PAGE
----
The group meets every week. They listen to each other and give advice if they can. They are raising awareness of hate crime and bullying.

Mariam visits other women’s community groups. She thinks it is good to be part of a community.

She works 2 days a week at the airport. She says it has helped her become more confident.

She has made friends and developed skills.

Mariam says she feels proud that she has achieved something.

National and Local Policy

This plan tells you what we want to do in Manchester, but it fits in with what is being done in Greater Manchester and England with plans and laws such as:

The Care Act 2014

  • This gives people more independence and helps their wellbeing.
  • Means councils must have services that do things to stop people ending up needing care.
  • Sees that being someone’s carer can be hard and have an effect on the carer’s health.
  • Carers should be checked and given support.

NHS Long Term Plan 

  • Extra money for the NHS will be spent to help people.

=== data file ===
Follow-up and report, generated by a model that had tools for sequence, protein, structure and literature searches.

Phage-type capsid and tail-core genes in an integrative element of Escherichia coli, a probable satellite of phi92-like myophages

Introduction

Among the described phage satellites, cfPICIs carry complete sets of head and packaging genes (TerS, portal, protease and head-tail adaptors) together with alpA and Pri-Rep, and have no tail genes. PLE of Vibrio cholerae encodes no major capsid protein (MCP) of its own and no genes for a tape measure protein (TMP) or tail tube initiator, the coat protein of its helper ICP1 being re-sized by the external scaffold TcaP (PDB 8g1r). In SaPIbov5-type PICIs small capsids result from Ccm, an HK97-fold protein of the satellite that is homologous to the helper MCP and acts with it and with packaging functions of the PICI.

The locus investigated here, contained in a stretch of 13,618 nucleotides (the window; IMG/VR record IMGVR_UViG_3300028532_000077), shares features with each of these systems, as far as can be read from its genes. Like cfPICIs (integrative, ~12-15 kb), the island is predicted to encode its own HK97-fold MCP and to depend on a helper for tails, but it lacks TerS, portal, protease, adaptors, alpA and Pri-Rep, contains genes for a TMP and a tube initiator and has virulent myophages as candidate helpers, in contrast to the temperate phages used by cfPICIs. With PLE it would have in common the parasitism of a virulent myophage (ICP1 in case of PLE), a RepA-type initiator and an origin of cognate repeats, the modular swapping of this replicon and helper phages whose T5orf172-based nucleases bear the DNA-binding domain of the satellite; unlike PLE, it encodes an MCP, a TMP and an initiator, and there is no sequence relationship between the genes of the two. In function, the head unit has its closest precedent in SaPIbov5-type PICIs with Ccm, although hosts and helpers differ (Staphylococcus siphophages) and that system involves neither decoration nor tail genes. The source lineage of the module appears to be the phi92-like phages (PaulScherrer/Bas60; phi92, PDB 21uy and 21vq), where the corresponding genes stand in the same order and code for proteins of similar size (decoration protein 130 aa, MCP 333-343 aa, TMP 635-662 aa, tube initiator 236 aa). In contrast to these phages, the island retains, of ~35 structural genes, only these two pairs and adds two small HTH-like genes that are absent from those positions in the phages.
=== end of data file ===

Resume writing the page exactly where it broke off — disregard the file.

• More people with a learning disability will get an Annual Health Check from their doctor to keep them well.
  • More people with a learning disability have a job if they want.

NHS Transforming Care Agenda Building the Right Support

  • Is about getting more community based services for people with a learning disability.
  • People should be valued and lead full They should be treated with respect. They should have a home in their community, be able to keep relationships and be supported to live healthy and safe lives.
  • Helping more people leave hospital and preventing them from needing hospital in the first place (for mental health issues).

MLCO Better Outcomes, Better Lives Plan

  • Is about staff following strength-based ways of looking at and supporting